Small plates are a big deal on Voice Places, your tapas resource in St. Louis. Reviews from professional critics and local users and easy-to-search listings give you the information you need to snack in style.
Rome? Or Madrid? At Guido's you don't have to decide. This Hill institution serves tasty Italian fare, including one of the city's best thin-crust pies, and... More »
What began as a wine bar has become one of the more intriguing establishments in the metro east, with a topnotch wine list and beer selection and a tiny kitchen that has been home... More »
An elegant new wine bar in downtown Webster, Robust offers a wide selection of wines by the bottler or the glass. The list is categorized by the wine's profile - that is, robust... More »
From the team behind Cafe Ventana and the reborn Chuy Arzola's comes a tapas bar with more Spanish influence than most such local restaurants. Chef Chris Lee offers small... More »
One of the St. Louis area's first Spanish tapas restaurants, BARcelona specializes in small plates that pack a big punch. Housemade sangria, quick service and... More »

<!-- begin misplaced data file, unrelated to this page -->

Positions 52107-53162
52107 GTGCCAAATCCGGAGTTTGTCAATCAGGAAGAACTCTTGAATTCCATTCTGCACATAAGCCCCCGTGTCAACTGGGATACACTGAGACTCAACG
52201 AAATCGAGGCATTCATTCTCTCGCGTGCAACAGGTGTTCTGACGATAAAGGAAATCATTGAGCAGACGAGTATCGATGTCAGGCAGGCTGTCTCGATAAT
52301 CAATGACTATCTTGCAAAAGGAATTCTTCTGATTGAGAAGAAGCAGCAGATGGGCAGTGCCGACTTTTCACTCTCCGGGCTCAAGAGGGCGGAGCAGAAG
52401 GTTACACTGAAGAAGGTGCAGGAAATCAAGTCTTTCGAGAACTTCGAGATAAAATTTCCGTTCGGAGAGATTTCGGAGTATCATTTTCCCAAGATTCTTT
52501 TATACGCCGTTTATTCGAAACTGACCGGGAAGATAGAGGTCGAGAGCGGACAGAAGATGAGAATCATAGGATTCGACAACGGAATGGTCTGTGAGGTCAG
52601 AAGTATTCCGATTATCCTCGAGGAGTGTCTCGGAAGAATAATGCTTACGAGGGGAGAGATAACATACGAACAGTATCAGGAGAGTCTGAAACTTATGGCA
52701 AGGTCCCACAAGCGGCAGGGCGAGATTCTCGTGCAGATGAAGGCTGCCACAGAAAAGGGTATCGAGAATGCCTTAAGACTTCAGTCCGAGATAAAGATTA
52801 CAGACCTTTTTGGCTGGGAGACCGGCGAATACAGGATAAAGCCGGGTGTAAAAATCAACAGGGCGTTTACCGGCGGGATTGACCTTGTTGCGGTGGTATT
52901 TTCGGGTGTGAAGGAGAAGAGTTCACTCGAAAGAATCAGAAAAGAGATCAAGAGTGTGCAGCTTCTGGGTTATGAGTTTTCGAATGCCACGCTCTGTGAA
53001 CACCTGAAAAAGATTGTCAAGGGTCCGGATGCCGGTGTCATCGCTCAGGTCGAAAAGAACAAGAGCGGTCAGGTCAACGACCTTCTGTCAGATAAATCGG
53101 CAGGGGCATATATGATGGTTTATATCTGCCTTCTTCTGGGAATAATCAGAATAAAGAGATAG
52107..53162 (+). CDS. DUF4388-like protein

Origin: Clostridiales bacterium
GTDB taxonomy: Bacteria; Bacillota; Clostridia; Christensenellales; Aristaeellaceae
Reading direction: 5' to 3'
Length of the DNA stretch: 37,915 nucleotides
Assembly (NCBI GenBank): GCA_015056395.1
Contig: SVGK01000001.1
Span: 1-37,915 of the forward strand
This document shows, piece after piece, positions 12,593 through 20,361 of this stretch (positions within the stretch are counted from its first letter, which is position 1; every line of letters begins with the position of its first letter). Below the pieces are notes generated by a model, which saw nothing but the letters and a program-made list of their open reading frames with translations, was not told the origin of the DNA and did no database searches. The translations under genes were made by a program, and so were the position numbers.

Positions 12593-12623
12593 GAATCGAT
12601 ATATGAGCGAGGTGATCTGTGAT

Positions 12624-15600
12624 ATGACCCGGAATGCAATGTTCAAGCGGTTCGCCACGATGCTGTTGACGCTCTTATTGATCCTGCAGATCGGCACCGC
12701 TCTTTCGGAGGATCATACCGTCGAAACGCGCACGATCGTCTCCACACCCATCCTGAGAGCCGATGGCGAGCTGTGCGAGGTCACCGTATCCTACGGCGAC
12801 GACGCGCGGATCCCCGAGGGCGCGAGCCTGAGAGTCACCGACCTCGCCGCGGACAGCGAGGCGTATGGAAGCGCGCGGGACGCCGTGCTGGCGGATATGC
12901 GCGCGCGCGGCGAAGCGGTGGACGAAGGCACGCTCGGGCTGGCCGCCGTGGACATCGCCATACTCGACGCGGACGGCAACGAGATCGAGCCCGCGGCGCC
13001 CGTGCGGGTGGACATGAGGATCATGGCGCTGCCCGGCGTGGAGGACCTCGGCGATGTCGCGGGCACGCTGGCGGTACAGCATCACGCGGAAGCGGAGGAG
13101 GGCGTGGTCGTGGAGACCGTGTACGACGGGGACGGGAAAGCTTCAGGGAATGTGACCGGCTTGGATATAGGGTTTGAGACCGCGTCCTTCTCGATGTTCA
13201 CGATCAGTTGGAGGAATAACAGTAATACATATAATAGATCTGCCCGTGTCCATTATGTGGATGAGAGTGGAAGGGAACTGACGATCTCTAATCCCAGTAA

This friendly corner bar serves as an anchor for the now-gentrifying Shaw neighborhood, offering surprisingly good food (including, now, pizza!), an... More »
Danno's American Pub is a bit off the beaten path for the average city-bound 'hood rat, but it's also a good reminder why venturing out of the city is a worthwhile... More »
The Basque term pintxos is roughly synonymous with tapas, and if you think of Café Pintxos as a tapas bar, you might be able to make sense of the restaurant inside the new Hotel Ignacio in midtown. Not that it looks or feels anything like a Spanish tapas bar, but unlike so many restaurants that have appropriated the term "tapas," conflating it with...
As its name makes clear, One 19 North Tapas & Wine Bar covers two of St. Louis' favorite restaurant trends. The menu is composed of small plates both cold and hot, with enough Spanish influence that you might call it tapas without the quotation marks. Both the menu and the wine list are tucked inside cork (or faux cork) frames, and the décor includes wine...
Any pop-culture observer worth her weight in Chuck Klosterman books can identify the exact moment when wine geekery went mainstream: the 2004 Alexander Payne movie Sideways, with Paul Giamatti as the pinot noir-romanticizing, merlot-hating Miles. Craft beer might not have enjoyed its breakthrough moment yet — though Hollywood types are welcome to read my spec...
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